Adapting Eating Patterns to Your Body Type

March 30, 2018

Adapting Eating Patterns to Your Body Type

When most of us want to make some sort of long-term change to our bodies, we generally look for answers in the medicine cabinet. After all, why would you want to actually work at gaining or losing weight when you can quaff some pills? Of course, few people rely exclusively on pills. Most also undertake some half-hearted effort to either eat a little more or eat a little less.

Too bad these ill-conceived, slacker approaches to physique transformation don't work. If, however, these people put a little bit of thought into their approach to diet, they could achieve results that were satisfying, long lasting, and effective. Hence the aim of this article.

Before you can adopt an appropriate, individualized diet, you first have to have a pretty good idea about what your body fat percentage is. Since daily calorie requirements depend both on the amount of lean body mass (all bodily constituents except fat) and activity level of an individual, this is a necessary step. This is because of the radically different metabolic processes required to maintain muscle, as opposed to fat. Specifically, muscle requires a great deal of energy to sustain it, while fat basically sits (or hangs) there. As a result, the daily calorie intake should be sufficient to maintain muscle, but not fat. Therefore, the differences in protein and calorie requirements of two men of the same weight one at 10% fat and the other at 20% are astounding.

Once you know what your body fat percentage is, there are only three steps in determining an ideal calorie level: 1) assessing metabolic rate, 2) choosing an appropriate protein intake depending on lean body mass, metabolic rate, and activity level, and 3) selecting a suitable nutrient ratio according to metabolic rate and body composition goals. The following tables will help you make those determinations.

Table 1: Fast, Moderate, and Slow Metabolic Rates

Fast: Individuals with a fast metabolic rate exhibit low weight and body fat levels, have trouble gaining muscle, and can generally eat like pigs with no adverse consequences.

Moderate: These individuals generally desire to maintain body weight, decrease fat, and slightly increase muscle mass. Excess calorie intake usually results in mild weight increases.

Slow: A slow metabolic rate usually equates to a high propensity for weight and fat gain. These individuals generally desire extensive weight loss.

Note: These estimates are subjective and don't exactly encompass all types of metabolic rates. In reality, everyone is different. It should be emphasized also that varying degrees of all three rates exist. Namely, fast-moderate and moderate-slow metabolic rates are common and can be utilized as intermediaries in the following tables.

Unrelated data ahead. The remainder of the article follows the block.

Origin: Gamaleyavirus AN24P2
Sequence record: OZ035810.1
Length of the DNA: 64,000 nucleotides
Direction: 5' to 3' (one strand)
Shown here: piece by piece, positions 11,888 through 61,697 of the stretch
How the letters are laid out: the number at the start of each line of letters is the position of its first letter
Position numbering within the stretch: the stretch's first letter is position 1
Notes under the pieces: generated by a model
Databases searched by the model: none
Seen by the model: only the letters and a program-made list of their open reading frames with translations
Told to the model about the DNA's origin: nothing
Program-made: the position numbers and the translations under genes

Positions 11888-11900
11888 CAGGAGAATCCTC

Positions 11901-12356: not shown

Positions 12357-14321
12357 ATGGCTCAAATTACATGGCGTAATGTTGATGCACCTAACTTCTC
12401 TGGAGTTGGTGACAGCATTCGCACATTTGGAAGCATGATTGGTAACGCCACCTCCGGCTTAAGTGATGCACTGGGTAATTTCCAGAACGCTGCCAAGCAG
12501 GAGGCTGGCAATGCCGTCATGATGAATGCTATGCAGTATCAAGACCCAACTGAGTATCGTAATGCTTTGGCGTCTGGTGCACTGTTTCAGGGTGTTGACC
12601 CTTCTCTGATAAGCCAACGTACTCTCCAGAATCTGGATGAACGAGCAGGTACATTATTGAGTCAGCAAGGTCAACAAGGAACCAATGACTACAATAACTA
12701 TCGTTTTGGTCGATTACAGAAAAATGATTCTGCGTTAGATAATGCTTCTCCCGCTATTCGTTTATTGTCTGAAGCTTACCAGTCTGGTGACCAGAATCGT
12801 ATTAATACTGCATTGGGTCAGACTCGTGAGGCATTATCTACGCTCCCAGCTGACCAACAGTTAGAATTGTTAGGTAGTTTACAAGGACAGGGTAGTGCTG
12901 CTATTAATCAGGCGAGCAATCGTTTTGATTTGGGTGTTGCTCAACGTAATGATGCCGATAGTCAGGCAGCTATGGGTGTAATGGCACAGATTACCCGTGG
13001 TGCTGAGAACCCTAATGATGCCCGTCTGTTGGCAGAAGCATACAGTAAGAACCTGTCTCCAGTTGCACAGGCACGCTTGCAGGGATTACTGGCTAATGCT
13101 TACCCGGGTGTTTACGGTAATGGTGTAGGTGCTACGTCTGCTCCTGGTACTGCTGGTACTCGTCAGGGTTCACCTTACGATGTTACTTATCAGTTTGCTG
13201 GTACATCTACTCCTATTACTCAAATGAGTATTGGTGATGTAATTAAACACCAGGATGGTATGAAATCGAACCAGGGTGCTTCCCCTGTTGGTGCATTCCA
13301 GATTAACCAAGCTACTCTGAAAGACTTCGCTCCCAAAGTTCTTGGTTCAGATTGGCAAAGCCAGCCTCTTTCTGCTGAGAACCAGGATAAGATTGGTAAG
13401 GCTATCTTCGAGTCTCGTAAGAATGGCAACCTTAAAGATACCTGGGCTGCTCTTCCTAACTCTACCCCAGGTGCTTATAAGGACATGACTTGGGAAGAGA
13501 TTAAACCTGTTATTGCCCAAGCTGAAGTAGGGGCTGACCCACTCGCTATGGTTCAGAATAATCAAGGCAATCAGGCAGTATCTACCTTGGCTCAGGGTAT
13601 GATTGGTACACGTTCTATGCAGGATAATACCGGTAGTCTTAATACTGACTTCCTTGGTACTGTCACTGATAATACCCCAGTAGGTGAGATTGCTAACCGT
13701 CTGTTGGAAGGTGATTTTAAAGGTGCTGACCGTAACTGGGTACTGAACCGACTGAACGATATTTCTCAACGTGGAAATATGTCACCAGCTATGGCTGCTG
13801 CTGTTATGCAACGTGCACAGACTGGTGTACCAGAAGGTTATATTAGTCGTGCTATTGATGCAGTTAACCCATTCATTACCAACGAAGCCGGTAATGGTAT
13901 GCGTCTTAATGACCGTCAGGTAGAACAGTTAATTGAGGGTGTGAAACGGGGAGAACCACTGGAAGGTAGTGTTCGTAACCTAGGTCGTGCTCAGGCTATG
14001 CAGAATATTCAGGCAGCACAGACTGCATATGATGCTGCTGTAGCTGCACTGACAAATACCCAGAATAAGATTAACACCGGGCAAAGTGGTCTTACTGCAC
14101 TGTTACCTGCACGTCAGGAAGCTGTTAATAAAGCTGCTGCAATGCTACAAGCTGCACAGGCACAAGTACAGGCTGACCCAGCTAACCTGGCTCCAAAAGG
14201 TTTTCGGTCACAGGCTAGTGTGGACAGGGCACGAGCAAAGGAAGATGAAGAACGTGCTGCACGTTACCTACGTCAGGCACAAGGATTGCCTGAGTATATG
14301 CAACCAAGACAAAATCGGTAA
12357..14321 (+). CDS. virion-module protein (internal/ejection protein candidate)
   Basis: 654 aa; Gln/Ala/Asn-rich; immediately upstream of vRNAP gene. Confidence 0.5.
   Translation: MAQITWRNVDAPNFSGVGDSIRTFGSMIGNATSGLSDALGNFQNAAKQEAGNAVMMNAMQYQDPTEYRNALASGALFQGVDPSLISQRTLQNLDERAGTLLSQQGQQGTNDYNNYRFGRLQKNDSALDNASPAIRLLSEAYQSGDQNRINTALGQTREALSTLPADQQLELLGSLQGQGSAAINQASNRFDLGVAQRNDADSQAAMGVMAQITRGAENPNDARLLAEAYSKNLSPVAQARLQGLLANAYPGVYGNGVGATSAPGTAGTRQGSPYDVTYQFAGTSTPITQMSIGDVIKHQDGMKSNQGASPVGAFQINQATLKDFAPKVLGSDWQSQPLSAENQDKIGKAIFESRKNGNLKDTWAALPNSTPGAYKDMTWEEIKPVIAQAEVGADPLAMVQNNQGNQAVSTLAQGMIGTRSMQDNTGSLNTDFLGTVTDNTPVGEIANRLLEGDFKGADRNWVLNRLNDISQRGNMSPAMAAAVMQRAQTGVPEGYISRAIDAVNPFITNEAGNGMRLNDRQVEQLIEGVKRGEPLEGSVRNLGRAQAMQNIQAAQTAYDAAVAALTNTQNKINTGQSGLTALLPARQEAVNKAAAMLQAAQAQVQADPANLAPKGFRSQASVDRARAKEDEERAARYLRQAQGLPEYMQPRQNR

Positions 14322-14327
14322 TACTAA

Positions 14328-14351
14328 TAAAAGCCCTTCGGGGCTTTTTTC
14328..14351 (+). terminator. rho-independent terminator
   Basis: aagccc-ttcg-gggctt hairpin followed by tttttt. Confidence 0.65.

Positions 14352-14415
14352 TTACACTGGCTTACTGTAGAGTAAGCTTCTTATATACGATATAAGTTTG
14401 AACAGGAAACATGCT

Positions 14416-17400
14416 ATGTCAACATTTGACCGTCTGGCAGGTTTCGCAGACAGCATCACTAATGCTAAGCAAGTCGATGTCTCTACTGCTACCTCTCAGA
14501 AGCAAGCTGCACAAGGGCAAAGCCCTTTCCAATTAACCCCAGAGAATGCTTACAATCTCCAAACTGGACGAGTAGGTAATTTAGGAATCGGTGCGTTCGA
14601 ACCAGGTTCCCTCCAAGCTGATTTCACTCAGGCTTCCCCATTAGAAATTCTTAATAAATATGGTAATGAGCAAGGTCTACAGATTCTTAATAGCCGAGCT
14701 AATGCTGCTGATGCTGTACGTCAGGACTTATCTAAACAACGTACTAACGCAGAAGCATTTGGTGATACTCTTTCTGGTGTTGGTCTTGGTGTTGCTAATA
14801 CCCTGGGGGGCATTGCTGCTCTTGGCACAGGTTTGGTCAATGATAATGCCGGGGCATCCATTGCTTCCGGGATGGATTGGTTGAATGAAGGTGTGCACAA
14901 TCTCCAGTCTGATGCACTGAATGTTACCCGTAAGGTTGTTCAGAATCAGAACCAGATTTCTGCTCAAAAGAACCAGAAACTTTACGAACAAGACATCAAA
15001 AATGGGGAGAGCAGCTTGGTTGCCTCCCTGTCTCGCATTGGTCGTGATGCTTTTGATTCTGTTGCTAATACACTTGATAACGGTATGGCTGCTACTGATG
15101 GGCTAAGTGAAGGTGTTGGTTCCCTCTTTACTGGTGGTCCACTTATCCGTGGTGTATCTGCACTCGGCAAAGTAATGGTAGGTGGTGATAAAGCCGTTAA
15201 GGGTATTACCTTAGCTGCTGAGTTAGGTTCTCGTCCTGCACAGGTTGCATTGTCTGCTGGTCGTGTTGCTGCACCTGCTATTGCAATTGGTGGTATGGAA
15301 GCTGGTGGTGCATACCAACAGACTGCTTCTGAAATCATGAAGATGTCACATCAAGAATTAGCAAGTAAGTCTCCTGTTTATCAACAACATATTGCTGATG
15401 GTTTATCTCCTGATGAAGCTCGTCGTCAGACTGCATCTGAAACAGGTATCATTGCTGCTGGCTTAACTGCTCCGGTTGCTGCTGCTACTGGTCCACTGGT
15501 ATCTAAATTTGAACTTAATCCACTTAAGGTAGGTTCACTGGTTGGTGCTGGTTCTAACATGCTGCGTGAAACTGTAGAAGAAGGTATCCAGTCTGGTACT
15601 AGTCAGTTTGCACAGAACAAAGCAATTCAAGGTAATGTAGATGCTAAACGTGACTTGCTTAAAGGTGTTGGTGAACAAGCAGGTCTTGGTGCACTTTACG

Table 2: Protein Requirements as a Function of Lean Body Mass and Activity Level Represented in Grams of Protein Required Per Pound of Lean Body Mass

Exercise Intensity Key:

  1. None
  2. Light (3 times a week)
  3. Strenuous (3-4 times a week)
  4. Strenuous (5 times a week)
  5. Intense (5-plus times a week)


Metabolic Rate:


  1. 0.6
  2. 0.8
  3. 0.9
  4. 1.0
  5. 1.2



  1. 0.5
  2. 0.7
  3. 0.8
  4. 0.9
  5. 1.1



  1. 0.4
  2. 0.6
  3. 0.7
  4. 0.8
  5. 1.0


Note: Light exercise refers to walking, jogging, or low-intensity sport activities. Strenuous exercise is considered weight and/or endurance training, while intense exercise is heavy weight training and endurance training. No exercise refers to high intensity computer programming followed by an evening of "Must See TV."


Table 3: Nutrient Ratios as a Function of Metabolic Rate Represented in Percentage of Daily Caloric Intake


Label Key

  • P: Protein
  • C: Carb
  • F: Fat

Nutrient Ratios:

Fast Metabolism

  • P: 17%
  • C: 58%
  • F: 25%

Moderate Metabolism

  • P: 22%
  • C: 55%
  • F: 23%


Slow Metabolism

  • P: 27%
  • (C) 52%
  • F: 21%


Note: One gram of protein or carbohydrate equals four calories, while one gram of fat is equal to nine.

Two Examples

Example 1

This individual is a 5'9", 140-pound male with 5% body fat. He exhibits a fast metabolic rate and utilizes intense weight training 4-5 times a week (activity level 4) in an attempt to gain weight. To determine his caloric requirements, he simply calculates lean body mass and chooses an appropriate protein intake and nutrient ratio.

140 pounds x 95% lean body mass = 133 pounds lean tissue

This individual would require approximately 1.0 g of protein per pound of lean body mass, or 133 g daily.

Protein would therefore account for 532 calories (133 g x 4 calories per gram). He would then utilize a nutrient ratio where protein consisted of 17% of his daily calories, such that 532 divided by 17% (0.17) would result in the daily calorie intake.

532 / 0.17 = 3129 total calories/day. To determine the amount of carbohydrates and fat, simply multiply this number by their respective percentages. For example, the daily carbohydrate intake would be 1814 calories (3129 x 0.58), or 454 grams (1814 calories / 4 calories per gram). The daily fat intake is 782 calories (3129 x 0.25), or 87 grams (782 calories / 9 calories per gram).

Optimally, this person should eat 5-6 meals per day. If five meals are consumed, each meal would average approximately 626 calories, in the same ratio of nutrients as described above. Of course, this number will vary, especially since post-workout meals should contain more calories.

Example 2

This individual is a 6'0", 190-pound male with 18% body fat. He desires to lose a little weight and a lot of fat to become "toned." Since he gains weight rapidly if his calorie intake soars too high, he is considered to have a moderate-slow metabolism. He currently trains with weights and runs for thirty minutes five times per week. He would therefore fall between activity levels four and five, requiring approximately 0.85-1.05 grams of protein per pound of lean body mass.